I was late to the lunch for Earth Sciences First Year students which was jointly sponsored by the Provincial Mining Industry Association and the Society of Registered Surveyors. Not so late that the first pass of diners past the buffet tables was done, but almost too late to thank the dignitaries for their organisations’ kind hospitality. The stout woman with hennaed hair and wearing dark reds instead of blacks, who was third and the last remaining in the reception line looked me up and down then said, “Who are you? I think that you and I are the only people in the room wearing silk.”( Read more...Collapse )
Merrill was at the front door when his father caught him. Looking at Merrill’s ex-military clothing with disfavour he asked, “Where are you going dressed like that?”
“There’s a concert-dance about ten miles away,” Merrill replied. “I expect I’ll be back by half midnight.”
His father asked, “Where is it, exactly? And how will you get there?”
“I don’t know exactly where it is, yet,” admitted Merrill, “but I’ve the map coordinates, and I’m taking my bike.”
“Oh, yes, this famous bike,” his father sneered. “You’re going to ride ten miles and back on a tinny little motorbike are you? With time to dance in between? You’re joking!.”
“I’m not,” replied Merrill calmly.
His father snorted. “You’d better get this nonsense out of your system before the Makepeaces get here. He wants Lord Merrill Dempstead as a son-in-law, not some ill-dressed bit of war detritus and you don’t have any better prospects than a rich pleb’s daughter.”
“So you say, sir,” Merrill bowed, “And now I’m going out.”
Ten minutes later, a solid motorcycle helmet added to his fusillers’ great coat Merrill pulled up outside Chapman’s door. The mechanic came out wearing his tank corps coat and boots. “I’ve marked the map for you,” he said. “After checking it twice.” He swapped the helmet for it.
“Good,” said Merrill. “You can court Mindy, and I can forget who I’m supposed to be for a while. Let’s go.”
Andreas Xenakis was hiding in a barn somewhere in southern in Sachsen. The Terrencians and their allies might think that the Hellenic Great War, launched to give the Hellenes their fair share of Europe after centuries under the yoke of the satrapies, was over but here he was in one of the Terrencian central provinces ready to continue hostilities. Just as soon as he could meet up with his unit and find out what their orders were for after they infiltrated the province. The Myrmidon Division, of which he was a lowly ypodekaneas, had refused to surrender and was now infiltrating enemy territory in order to continue the war. Ypodekaneas Xenakis was on his way to a rendezvous and had chosen a hiding place off the road when last night had proved to be rather fuller of official activity than he’d liked. Now he was stuck in a barn with a door that opened in full view of the farmhouse and an impromptu back entrance that was now guarded by the parents of a newly hatched clutch of goslings.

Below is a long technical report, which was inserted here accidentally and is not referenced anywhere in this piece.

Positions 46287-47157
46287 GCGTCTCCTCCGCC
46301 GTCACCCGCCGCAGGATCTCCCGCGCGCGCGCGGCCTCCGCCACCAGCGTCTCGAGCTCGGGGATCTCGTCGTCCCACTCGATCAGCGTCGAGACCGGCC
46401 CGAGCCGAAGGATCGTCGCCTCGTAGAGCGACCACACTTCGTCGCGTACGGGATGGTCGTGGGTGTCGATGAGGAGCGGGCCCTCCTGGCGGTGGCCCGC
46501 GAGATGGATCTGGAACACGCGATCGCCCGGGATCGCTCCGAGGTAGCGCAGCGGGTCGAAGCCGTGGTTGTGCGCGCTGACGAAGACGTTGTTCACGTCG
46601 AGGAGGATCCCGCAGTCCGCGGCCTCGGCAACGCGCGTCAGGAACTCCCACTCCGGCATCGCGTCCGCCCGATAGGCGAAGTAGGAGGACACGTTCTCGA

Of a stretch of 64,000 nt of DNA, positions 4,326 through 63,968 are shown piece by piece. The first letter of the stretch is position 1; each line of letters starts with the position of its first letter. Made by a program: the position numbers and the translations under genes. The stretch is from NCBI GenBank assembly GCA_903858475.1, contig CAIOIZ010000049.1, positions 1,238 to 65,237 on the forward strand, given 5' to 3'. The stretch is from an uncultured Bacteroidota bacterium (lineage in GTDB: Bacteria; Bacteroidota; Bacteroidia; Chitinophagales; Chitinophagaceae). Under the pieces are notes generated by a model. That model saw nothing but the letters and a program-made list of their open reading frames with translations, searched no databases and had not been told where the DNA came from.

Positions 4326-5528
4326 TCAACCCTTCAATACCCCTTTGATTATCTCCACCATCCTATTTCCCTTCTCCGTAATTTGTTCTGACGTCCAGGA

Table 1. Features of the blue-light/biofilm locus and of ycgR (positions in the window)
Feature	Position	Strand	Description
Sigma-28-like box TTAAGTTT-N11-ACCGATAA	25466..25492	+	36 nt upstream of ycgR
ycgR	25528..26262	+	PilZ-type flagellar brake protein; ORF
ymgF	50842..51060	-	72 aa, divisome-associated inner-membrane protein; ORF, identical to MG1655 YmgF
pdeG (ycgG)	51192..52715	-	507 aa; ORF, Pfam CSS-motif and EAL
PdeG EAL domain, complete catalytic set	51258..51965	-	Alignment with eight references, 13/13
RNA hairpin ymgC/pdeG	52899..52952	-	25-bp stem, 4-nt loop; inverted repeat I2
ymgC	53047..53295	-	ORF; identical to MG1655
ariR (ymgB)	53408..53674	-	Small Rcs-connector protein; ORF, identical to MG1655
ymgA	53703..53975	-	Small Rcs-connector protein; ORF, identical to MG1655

A pair of grey-barred wild geese that had created an uproar when he’d tried to sneak out into the early morning mist to be on his way. He’d ducked back into cover when he’d realised that he couldn’t get past them without warning the farmers that it wasn’t an animal predator that was upsetting the birds, and on consideration his best chance of getting out again was waiting until after dark.
Frankly, the barn was some of the most comfortable shelter he’d had for months even if he dare not light a fire for hot drink and food.
Despite his best efforts, he was dozing lightly when the barn door opened around mid-morning. The footsteps that followed were quick and efficient, and Xenakis could visualise the movements of the person who was quartering the barn. Hiding wasn’t going to help anymore, so he moved to intercept the farmer. He’d assumed a man about his own age, but instead it was a blonde, raw-boned woman in calf length skirts and farm boots and he froze. Which was how he wound up with a shortened shotgun aimed at his midriff at close range but not close enough to tussle for it, not if he didn’t want to risk being shot by something that could actually kill him outright despite his physical enhancements.
Andreas raised his hands.
“You’re afraid of the geese and you’re afraid of me.” The blonde was a big boned girl who should have been plumper. “Good, you’re a smart one then. Can you understand me?” Given that she was speaking Terrencian this was a sensible question.
Andreas nodded. He may have only had the physical enhancements and not the intellectual ones as well, but he was good with languages and she didn’t have to know how good.
“You’ll come into the house and listen to the radio news because there are things you need to hear,” she told him. “Not that the war is over because you know that already, but things that happened near here last night. Then we’ll decide, my father and me, what we’ll do with you next.”
“Do with me?” He had visions of some of the nastier stories that had circulated about what had happened to Hellenic soldiers who’d fallen into the hands of Terrencian peasantry.
She smiled. “If you’re agreeable, we might find something better for you than a military prison. Now, into the house with you, and you might like to remember that my name is Elke.”
Andreas complied, because something about her eyes told him that she dealt with chickens for the baking dish, and probably pigs for sausages, herself. He didn’t want to find out what else she could deal with doing herself if she had to.